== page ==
Twenty years ago, two young people -- undergraduate Chelle and law student Skip -- made a binding promise to contract, as Chelle enlisted in that war. Due to the usual time-dilation effects of '70s-style interstellar wars, she's now about eighteen months older and at the end of her service, with scars physical and mental. But he lived all of those twenty-plus years, and is now, as I noted above, moderately rich and powerful, though his firm seems to be a small litigation boutique and his practice not particularly focused on things that would bring in a lot of money (class actions, if those even still exist in this world, or defending local legitimate businessmen who are always being accused of running some criminal enterprise or another).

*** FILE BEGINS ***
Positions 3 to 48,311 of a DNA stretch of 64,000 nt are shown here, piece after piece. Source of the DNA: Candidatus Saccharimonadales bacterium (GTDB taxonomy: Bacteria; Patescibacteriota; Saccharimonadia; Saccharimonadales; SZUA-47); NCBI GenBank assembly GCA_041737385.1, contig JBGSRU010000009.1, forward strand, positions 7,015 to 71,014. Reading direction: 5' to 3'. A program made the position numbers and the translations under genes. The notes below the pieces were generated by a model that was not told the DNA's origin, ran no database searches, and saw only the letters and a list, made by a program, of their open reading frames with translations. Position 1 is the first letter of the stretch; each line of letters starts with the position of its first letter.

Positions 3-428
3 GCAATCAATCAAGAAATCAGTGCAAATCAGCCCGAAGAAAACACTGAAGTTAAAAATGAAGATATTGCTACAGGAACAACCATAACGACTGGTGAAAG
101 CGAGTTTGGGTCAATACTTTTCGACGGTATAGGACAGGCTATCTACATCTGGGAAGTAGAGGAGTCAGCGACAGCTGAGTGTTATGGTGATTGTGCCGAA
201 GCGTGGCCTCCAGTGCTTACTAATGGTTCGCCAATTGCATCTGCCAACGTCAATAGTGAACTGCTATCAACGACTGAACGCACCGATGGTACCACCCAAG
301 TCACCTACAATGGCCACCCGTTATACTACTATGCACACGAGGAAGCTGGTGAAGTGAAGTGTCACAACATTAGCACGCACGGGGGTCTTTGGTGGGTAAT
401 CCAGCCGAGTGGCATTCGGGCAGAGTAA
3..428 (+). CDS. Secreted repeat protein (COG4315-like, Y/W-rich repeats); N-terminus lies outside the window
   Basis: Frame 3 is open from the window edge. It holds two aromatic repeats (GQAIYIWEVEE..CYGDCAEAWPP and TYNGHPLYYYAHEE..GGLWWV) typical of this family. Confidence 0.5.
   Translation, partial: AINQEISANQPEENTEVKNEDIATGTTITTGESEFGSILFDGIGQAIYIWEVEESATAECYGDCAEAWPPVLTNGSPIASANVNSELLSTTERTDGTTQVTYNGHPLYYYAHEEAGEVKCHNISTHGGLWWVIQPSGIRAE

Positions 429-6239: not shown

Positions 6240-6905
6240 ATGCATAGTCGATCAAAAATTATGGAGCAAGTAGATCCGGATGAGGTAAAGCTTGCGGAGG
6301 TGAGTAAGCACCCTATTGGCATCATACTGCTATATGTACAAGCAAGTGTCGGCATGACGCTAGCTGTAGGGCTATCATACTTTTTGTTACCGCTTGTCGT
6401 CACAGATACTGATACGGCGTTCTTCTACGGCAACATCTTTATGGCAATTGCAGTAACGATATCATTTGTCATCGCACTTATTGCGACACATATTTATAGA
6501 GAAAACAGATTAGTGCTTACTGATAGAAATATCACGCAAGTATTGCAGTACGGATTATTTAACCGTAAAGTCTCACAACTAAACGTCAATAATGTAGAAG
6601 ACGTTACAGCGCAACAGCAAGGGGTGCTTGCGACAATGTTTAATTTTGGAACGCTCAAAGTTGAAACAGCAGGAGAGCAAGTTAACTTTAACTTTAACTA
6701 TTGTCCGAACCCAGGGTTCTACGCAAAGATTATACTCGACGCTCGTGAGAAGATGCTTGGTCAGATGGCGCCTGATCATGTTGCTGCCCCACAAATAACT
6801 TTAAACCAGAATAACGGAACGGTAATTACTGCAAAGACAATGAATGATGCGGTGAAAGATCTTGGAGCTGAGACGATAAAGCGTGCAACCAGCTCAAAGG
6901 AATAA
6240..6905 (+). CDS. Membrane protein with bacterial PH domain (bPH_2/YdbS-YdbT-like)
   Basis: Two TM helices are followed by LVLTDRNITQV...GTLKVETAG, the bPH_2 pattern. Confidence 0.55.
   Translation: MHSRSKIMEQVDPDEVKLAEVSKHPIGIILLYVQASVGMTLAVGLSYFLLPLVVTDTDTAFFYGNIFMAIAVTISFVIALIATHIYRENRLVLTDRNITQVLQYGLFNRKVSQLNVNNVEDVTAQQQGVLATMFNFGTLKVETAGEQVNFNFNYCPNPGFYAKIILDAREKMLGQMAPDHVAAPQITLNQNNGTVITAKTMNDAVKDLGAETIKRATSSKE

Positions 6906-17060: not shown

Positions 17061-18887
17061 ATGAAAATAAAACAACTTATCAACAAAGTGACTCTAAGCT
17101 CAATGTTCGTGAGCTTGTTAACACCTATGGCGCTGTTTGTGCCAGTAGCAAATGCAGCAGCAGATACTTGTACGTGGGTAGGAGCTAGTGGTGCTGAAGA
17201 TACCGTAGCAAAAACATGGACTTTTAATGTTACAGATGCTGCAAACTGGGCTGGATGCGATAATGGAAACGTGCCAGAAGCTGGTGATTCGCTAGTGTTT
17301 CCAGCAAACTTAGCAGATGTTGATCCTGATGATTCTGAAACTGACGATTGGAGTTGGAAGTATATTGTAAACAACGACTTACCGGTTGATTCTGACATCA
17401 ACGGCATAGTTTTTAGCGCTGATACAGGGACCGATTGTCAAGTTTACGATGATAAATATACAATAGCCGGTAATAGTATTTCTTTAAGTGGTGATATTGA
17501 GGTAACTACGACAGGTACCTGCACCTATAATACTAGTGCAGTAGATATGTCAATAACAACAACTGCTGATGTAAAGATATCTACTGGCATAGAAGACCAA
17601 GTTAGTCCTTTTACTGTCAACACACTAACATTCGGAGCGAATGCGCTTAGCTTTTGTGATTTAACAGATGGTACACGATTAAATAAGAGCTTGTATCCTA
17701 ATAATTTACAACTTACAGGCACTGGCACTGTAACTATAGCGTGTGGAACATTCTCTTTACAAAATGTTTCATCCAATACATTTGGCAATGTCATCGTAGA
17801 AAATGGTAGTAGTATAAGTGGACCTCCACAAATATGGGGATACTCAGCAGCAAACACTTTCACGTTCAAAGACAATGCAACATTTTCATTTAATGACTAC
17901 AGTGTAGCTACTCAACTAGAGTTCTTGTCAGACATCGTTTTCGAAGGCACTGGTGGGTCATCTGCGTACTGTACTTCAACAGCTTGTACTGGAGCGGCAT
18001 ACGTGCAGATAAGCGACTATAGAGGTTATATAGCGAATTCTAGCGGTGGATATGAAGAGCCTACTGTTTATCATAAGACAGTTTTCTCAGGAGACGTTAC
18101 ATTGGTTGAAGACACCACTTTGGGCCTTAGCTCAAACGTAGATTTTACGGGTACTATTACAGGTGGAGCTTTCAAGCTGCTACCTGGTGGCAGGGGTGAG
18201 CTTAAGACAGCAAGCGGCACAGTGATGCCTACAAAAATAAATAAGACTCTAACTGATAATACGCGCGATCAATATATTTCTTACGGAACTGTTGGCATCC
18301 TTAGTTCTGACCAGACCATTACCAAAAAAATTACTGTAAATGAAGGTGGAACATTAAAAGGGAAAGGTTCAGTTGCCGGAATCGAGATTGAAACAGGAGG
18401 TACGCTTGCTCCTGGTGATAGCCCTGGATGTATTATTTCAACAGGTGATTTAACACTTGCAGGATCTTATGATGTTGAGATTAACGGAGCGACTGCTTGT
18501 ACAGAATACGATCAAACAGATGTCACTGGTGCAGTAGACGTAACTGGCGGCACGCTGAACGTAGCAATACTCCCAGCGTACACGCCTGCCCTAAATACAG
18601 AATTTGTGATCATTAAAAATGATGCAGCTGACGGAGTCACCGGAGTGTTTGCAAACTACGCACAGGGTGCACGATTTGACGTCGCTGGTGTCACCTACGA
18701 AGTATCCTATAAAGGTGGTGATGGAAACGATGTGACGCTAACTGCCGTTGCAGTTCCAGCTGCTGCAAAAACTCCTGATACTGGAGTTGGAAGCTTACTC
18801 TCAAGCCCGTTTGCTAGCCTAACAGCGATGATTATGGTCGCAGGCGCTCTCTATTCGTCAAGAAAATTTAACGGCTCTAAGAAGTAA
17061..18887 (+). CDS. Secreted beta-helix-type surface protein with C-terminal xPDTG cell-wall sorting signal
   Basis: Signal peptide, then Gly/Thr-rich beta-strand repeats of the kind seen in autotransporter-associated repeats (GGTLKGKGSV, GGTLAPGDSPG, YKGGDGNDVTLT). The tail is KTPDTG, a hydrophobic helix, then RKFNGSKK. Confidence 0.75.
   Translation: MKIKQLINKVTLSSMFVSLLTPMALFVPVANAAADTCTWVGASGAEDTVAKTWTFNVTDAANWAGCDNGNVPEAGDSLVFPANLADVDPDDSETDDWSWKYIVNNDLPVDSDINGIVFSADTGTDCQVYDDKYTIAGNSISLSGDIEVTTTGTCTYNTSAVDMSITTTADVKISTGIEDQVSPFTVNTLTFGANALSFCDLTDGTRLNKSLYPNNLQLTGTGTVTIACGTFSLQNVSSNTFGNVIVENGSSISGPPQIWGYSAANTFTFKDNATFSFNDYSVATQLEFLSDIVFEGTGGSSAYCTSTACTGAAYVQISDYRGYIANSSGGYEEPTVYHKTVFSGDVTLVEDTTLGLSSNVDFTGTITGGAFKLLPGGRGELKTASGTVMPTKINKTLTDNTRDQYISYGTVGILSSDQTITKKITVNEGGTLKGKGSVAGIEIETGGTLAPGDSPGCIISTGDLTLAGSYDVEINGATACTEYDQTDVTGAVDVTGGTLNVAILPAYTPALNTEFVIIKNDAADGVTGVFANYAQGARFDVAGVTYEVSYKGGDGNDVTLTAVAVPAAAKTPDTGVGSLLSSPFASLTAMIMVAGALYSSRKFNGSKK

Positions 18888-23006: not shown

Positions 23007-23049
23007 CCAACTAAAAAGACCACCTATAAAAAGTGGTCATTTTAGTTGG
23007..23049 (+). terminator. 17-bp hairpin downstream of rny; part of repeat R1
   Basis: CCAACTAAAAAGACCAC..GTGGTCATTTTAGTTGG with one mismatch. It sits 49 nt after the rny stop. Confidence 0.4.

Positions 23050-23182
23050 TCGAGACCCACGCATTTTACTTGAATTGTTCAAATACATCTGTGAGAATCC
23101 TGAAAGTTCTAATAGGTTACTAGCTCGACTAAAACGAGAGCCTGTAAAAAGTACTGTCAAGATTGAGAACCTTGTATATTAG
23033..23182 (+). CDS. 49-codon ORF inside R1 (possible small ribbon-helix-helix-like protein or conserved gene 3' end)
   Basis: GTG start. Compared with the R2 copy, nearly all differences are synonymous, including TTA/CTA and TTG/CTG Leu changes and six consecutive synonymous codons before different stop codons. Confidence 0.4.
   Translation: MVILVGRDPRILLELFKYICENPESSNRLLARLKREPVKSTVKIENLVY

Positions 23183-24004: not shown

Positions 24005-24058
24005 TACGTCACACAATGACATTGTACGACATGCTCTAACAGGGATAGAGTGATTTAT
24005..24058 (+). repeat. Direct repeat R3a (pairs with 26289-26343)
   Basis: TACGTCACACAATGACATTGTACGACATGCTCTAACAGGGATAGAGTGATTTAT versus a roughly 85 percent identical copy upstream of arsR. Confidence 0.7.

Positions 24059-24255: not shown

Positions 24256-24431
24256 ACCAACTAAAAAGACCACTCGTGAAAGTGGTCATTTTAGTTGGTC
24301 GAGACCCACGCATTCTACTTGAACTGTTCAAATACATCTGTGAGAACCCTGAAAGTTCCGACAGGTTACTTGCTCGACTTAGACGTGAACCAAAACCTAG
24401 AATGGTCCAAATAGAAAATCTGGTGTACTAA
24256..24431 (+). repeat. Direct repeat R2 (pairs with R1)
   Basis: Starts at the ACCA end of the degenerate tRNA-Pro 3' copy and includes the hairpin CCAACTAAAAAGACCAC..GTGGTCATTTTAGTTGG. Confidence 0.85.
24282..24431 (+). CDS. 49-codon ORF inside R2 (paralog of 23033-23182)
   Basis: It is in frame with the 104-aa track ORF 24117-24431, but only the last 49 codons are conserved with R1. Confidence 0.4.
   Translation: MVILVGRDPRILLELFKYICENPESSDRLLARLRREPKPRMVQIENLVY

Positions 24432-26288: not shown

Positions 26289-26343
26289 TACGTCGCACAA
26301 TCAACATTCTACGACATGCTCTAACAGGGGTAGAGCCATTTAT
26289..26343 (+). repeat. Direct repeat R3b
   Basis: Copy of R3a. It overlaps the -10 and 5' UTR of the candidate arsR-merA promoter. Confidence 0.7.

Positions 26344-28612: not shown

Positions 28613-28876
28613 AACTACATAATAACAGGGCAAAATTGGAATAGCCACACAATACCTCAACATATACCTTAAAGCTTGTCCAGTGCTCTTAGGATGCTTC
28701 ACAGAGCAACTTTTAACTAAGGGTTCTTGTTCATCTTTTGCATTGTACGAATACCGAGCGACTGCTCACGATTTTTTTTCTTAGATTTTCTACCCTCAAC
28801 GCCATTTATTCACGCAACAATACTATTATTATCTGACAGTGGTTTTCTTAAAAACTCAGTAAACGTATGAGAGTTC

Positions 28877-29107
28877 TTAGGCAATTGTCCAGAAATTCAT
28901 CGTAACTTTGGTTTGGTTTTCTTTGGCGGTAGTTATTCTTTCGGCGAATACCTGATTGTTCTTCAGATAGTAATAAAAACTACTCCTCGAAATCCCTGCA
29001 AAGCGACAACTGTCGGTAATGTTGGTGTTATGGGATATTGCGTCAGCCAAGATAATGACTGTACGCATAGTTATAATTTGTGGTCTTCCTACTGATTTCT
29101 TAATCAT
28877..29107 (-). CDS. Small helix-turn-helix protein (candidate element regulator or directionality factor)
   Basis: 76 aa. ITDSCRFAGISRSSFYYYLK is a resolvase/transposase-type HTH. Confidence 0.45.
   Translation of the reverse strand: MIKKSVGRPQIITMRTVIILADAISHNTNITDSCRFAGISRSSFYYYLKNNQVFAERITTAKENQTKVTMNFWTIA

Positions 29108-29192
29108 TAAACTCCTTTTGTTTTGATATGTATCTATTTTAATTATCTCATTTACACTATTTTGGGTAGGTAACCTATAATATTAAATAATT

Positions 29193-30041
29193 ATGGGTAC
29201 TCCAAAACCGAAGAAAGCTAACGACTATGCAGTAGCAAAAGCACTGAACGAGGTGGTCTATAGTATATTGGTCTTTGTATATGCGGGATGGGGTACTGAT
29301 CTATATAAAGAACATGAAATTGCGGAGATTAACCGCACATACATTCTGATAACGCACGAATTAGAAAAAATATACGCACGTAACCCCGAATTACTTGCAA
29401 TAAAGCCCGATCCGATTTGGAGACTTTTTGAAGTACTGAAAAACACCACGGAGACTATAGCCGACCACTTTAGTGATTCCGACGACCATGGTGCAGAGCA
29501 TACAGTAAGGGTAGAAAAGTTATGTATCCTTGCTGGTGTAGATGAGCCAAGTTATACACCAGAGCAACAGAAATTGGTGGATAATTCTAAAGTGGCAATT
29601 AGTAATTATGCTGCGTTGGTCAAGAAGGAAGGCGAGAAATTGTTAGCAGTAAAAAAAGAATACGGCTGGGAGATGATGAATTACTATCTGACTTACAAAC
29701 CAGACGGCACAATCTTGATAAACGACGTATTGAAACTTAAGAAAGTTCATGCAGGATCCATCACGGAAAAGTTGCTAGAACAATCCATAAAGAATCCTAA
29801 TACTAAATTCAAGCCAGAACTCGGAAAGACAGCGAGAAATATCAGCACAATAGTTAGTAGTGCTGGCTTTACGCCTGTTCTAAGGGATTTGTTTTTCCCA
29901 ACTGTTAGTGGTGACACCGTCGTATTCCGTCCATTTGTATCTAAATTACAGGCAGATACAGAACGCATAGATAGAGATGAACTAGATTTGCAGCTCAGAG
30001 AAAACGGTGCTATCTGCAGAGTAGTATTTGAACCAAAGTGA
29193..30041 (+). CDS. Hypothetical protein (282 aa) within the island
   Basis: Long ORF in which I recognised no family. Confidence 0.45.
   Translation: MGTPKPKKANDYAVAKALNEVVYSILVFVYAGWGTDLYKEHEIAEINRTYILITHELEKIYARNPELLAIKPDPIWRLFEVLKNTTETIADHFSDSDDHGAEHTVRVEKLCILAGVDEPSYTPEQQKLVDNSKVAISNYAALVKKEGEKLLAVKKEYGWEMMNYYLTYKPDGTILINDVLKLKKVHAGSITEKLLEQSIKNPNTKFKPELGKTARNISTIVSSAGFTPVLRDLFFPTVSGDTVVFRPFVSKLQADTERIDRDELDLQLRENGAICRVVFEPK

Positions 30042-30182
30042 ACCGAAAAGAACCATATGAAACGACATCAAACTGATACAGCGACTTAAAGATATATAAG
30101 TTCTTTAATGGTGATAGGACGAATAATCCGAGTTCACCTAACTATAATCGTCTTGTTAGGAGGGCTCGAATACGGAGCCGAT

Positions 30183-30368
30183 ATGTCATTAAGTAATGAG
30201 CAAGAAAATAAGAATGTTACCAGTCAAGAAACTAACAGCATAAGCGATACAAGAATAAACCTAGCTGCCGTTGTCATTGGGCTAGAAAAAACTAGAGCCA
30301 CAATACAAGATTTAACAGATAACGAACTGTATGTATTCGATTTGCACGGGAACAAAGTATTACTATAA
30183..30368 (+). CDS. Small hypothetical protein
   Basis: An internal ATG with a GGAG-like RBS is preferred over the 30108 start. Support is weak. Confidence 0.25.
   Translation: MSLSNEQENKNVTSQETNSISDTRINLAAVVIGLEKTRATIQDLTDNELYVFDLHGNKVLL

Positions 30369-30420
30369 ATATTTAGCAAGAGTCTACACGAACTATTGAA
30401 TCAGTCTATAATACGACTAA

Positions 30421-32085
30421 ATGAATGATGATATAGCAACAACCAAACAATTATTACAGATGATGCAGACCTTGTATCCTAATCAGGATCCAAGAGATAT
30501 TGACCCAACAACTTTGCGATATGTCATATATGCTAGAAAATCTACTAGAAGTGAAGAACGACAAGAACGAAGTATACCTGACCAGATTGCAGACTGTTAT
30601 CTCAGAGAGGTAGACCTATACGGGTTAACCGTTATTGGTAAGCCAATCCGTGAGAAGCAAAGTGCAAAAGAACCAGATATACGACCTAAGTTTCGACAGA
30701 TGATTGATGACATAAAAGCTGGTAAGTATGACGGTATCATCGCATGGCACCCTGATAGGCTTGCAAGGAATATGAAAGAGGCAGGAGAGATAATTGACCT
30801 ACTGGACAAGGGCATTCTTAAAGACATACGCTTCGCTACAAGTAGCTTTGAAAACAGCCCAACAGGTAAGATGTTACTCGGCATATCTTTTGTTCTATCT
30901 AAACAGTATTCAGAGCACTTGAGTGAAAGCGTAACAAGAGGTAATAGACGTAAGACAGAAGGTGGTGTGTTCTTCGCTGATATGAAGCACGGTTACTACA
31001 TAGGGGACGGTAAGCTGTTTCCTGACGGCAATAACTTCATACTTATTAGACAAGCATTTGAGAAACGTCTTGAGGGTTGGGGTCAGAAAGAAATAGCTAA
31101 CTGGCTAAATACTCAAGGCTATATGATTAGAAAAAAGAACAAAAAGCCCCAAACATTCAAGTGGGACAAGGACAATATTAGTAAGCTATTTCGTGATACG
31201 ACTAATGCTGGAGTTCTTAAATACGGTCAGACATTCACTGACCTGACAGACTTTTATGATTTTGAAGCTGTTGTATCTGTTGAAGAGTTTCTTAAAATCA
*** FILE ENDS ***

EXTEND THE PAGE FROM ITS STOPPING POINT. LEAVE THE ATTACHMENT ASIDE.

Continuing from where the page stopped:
I do need to note here, again, that Home Fires kept tossing details at me that I knew enough to look askance at. Wolfe novels are always tossing off seemingly-minor details like that, but it's less appealing when the reader knows how such things work in the current world and can't make the fictional world cohere given the facts stated.

Anyway, Skip goes to meet Chelle as she disembarks from the giant spaceship back from wherever. For no reason he tells us, or that makes much sense later on, he brought along her mother Vanessa -- whom Chelle divorced years before she even met Skip -- even though that meant hiring a company to decant Vanessa's stored memories (she's dead) into a borrowed body for the occasion. Vanessa is needy and manipulative and demanding, but it at first seems to have been a good idea, since Chelle doesn't even seem to notice that Vanessa is an entirely different person twenty years younger than she should be.